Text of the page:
Skip to main content

The death-defying mustache of Salvador Dali



After the remains of eccentric surrealist artist Salvador Dali were exhumed Thursday by Spanish authorities trying to solve a paternity mystery, forensics experts announced that the painter's iconic mustache has managed to hold its shape-- even though Dali has been dead since 1989.

"The mustache preserved its classic 10-past-10 position," said Lluís Peñuelas of the Dalí Foundation to the newspaper El Pais. "Checking it was a very exciting moment."

It didn't take long for some Dali admirers to pronounce a miracle, such as Narcís Bardalet, the embalmer who preserved the artist's body, who told a local radio station, "Salvador Dalí is forever."

Of course, mustache aficionados have long known about the seemingly death-defying qualities of mustache wax. To shed some light on the miracle of Dali's mustache we turned to our resident hair guru, Marlin Bressi, who (along with being a regular JOTB contributor), also happens to be a nationally-renowned master hairstylist with seventeen years of professional experience and is also the author of "Blow Me: Hairy Adventures in the Salon Industry".

"Mustache wax is typically made from a combination of beeswax and mineral oils," Bressi explains. "Beeswax is essentially immortal. This substance has been found in ancient Egyptian tombs in usable condition. Beeswax has also been recovered from ancient shipwrecks and found to be in good condition even after centuries under water."

Since Dali has only been dead 27 years, there is nothing "miraculous" about his immortal mustache. Although there is one possible way to find out for sure, should Spanish authorities and descendants of the painter be so inclined.

"Beeswax melts at around 150 degrees," explains Bressi. "If authorities or family members ever decide to have Dali's remains cremated and the mustache manages to retain its distinctive shape, then, yes, I'll have to admit that a miracle has taken place."


Popular posts from this blog

The Incest Capital of the World?

At the far eastern edge of Kentucky, nestled in Appalachia, resides Letcher County. In spite of its isolation and poverty (approximately 30% of the county's population lives below the poverty line), Letcher County has managed to grow at an impressive rate, from a population of just 9,172 in 1900 to a present-day population of nearly 25,000. However, even if Letcher County tripled or quadrupled its present population, there's still a pretty good chance that virtually all of the county's inhabitants would be related to each other-- thanks to one particularly fertile family whose astounding rate of reproduction can put even the friskiest rabbit to shame.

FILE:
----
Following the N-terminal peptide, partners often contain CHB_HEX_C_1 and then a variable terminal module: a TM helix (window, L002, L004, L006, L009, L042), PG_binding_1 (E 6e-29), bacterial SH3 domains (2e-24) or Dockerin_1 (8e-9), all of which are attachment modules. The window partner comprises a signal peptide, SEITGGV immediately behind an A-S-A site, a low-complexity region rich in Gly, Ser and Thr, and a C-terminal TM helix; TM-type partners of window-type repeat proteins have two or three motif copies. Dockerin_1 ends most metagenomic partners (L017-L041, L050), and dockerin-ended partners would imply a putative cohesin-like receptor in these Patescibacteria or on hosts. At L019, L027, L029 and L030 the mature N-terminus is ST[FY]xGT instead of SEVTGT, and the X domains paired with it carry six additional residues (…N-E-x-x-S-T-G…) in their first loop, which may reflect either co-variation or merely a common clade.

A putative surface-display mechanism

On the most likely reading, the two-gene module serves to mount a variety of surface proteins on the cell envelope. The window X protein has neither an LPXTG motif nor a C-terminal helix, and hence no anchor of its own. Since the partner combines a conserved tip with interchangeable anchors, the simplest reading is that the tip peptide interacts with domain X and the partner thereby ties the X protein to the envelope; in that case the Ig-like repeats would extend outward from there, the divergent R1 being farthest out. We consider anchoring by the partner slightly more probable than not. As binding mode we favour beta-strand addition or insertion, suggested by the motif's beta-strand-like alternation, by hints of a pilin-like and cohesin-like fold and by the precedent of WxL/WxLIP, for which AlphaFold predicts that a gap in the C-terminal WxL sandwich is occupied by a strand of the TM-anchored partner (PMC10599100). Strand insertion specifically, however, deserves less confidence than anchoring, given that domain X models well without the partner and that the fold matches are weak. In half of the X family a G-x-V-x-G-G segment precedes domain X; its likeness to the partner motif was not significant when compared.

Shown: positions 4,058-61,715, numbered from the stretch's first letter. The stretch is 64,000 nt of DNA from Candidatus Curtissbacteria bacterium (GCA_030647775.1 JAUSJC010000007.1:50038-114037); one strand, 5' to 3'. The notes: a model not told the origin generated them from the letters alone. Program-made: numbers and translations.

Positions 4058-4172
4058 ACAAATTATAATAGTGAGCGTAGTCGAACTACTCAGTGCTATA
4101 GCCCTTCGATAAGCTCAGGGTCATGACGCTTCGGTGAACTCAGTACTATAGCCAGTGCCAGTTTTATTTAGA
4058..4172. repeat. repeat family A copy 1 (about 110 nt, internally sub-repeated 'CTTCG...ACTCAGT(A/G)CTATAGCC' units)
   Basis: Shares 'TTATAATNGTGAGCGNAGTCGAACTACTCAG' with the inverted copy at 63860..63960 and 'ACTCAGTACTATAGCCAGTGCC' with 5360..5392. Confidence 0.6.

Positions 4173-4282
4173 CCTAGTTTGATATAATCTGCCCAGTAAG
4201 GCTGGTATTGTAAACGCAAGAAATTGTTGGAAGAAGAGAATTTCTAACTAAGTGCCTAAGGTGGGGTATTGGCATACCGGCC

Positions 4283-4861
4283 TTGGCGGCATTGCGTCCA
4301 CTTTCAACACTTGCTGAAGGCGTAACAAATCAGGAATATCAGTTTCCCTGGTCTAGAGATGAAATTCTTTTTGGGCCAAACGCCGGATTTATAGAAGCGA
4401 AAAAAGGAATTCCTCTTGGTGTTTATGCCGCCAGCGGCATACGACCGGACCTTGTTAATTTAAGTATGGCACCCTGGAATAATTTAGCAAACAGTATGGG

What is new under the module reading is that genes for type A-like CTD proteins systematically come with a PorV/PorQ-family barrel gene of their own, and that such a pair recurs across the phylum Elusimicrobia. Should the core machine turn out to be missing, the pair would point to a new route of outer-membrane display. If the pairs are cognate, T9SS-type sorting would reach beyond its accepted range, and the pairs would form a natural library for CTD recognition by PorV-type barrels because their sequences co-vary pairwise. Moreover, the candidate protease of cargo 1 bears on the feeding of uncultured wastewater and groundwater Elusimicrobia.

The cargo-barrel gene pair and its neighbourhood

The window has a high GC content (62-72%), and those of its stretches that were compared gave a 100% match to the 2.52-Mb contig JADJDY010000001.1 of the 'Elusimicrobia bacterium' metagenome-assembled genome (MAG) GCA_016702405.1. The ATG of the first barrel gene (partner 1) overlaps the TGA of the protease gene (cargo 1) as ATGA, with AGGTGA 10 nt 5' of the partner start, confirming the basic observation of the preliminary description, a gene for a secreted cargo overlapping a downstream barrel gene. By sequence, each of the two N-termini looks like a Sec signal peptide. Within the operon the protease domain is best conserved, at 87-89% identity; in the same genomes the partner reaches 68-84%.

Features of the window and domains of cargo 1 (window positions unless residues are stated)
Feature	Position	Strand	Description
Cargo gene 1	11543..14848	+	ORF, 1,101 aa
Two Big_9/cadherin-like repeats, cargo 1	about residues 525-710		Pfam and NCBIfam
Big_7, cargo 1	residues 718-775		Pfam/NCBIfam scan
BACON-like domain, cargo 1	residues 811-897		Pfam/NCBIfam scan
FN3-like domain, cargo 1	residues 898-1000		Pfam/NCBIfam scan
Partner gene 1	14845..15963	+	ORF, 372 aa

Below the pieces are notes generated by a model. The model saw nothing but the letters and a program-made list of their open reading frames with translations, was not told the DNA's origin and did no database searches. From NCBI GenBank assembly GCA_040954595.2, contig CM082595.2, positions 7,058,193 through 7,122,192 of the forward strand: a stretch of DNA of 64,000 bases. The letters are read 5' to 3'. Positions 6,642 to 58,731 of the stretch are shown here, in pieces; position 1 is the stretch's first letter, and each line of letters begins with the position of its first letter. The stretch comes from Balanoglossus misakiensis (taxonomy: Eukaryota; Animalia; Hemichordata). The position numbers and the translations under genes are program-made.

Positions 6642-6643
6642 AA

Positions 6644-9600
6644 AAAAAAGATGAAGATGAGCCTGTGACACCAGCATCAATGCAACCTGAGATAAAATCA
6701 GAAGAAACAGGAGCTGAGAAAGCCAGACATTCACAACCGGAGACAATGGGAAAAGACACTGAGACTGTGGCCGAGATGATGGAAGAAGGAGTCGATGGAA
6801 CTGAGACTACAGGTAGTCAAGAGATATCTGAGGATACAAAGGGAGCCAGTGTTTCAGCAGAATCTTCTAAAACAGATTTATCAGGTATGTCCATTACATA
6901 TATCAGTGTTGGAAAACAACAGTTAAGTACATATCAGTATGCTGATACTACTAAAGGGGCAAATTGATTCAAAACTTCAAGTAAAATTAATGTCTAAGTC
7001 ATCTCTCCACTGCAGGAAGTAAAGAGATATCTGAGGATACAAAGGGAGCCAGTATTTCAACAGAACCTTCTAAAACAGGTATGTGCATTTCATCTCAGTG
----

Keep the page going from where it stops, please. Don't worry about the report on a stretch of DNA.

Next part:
Around the year 1900, Letcher County was the home of a man by the name of Jason L. Webb, who made national headlines for having the one of the largest families in the world. According to newspaper reports of the era, Jason had 19 children, 175 grandchildren, and 100 great-grandchildren. Perhaps even more impressive was his b…

The Ticking Tombstone of Landenberg

If you look closely at a map of Pennsylvania, you'll see an anomalous semi-circular border at the extreme southeastern part of the state. This circle, known officially as the "Twelve Mile Circle", serves as the border between the Keystone State and Delaware. Much of the strange circle is surrounded by Chester County, one of the three original Pennsylvania counties created by William Penn in 1682. While there are many historical points of interest in Chester County, few are strange or as steeped in legend as the Ticking Tombstone.

Near the London Tract Meeting House in Landenberg is an old graveyard which contains a tombstone which is said to make eerie ticking noises, much like the ticking of a pocketwatch. Landenberg locals claim that the ticking is the result of two very famous surveyors who arrived in town during the 1760s- Charles Mason and Jeremiah Dixon.  A young child supposedly swallowed a valuable pocketwatch owned by Mason and later died, and the boy's head…

Jenny Hanivers, Mermaids, Devil Fish, and Sea Monks

Three centuries before P.T. Barnum attracted flocks of crowds with his mummified Fiji Mermaid (which turned out to be a papier-mâché creation featuring a monkey's head and a fish's body), sailors around the world had already began manufacturing "mermaids".  Known as Jenny Hanivers, these creations were often sold to tourists and provided sailors with an additional source of income.  These mummified creatures were produced by drying, carving, and then varnishing the carcasses of fish belonging to the order rajiformes- a group of flattened cartilaginous fish related to the shark which includes stingrays and skates.  These preserved carcasses can be made to resemble mermaids, dragons, angels, demons, and other mythical creatures.


Jenny Hanivers became popular in the mid-16th century, when sailors around the Antwerp docks began selling the novelties to tourists.  This practice was so common  in the Belgian city that it may have influenced the name; it is widely believed …